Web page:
Both reports assume without question that overriding responsibility in such cases resides in the international community and especially in the United Nations, which, in the words of the Rwanda report, “must be prepared to prevent acts of genocide or gross violations of human rights wherever they may take place. The political will to act should not be subject to double standards.” This assumption contrasts strikingly with the uncertainties about intervention often apparent in the Security Council and in national debates. It contrasts as well with the position on humanitarian intervention taken by the majority of the General Assembly members in the debate set off by Annan’s report on humanitarian intervention, that the UN should not intervene unless it is invited to do so by the government in power. The clear implication of Annan’s reports was that the time for stopping genocide would be before it started. How many governments would have agreed to such a preventive intervention in a sovereign state like Rwanda?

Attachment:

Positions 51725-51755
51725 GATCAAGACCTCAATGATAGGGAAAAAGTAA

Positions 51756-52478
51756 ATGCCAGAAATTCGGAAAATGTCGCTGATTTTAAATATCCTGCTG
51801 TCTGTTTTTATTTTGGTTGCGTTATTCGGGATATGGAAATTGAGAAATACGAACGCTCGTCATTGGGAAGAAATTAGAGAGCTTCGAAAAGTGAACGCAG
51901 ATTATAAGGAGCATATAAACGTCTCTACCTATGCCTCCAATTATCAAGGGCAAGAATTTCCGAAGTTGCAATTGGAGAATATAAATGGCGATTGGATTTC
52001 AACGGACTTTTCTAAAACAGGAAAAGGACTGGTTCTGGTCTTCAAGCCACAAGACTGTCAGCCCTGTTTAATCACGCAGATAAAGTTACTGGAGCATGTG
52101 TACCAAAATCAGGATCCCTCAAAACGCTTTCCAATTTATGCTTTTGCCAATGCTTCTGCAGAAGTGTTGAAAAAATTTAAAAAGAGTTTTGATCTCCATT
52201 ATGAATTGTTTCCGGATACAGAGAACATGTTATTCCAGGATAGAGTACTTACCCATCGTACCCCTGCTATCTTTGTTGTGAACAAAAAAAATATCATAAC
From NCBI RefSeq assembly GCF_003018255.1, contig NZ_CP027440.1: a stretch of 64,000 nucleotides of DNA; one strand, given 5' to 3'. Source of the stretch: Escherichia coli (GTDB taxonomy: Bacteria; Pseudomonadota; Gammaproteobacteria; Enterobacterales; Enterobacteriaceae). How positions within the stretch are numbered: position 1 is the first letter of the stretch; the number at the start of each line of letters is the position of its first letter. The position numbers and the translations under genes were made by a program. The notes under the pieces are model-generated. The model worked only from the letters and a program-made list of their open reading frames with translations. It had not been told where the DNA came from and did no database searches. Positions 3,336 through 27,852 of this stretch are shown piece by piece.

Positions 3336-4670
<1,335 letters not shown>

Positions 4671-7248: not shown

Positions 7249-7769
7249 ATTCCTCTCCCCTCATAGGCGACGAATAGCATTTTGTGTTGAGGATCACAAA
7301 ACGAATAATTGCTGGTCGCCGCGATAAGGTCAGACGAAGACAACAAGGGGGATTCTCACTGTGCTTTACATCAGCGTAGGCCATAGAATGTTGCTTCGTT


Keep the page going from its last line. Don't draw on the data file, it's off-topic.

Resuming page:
In Srebrenica, in the summer of 1995, there were, in the words of the International Criminal Tribunal’s prosecutor, Judge Riad, “thousands of men executed and buried in mass graves, hundreds of men buried alive, men and women mutilated and slaughtered, children killed before their mothers’ eyes, a grandfather forced to eat the liver of his own grandson.”6 Up to 20,000 people were killed in this UN “safe area.” There was a fatal discrepancy between the resolutions of the Security Council and the realities on the ground, a discrepancy made worse by the Council’s absolute refusal to meet the Secretary-General’s request for 32,000 additional troops.

The six hundred lightly armed Dutch UN soldiers in Srebrenica were cut off from supplies and support. They were facing two thousand heavily armed Serbs with tanks and artillery. If they were attacked, their main support would have been NATO air strikes, but the UN was reluctant to request air strikes because, as Annan explains, UNPROFOR was not authorized to go to war with the Serbs, and air strikes would have disrupted UNPROFOR’s humanitarian mission. Moreover, air strikes would—and did—cause Serb reprisals and hostage-taking. Annan now admits that this attitude was a mistake. “We tried to keep the peace and apply the rules of peacekeeping when there was no peace to keep.”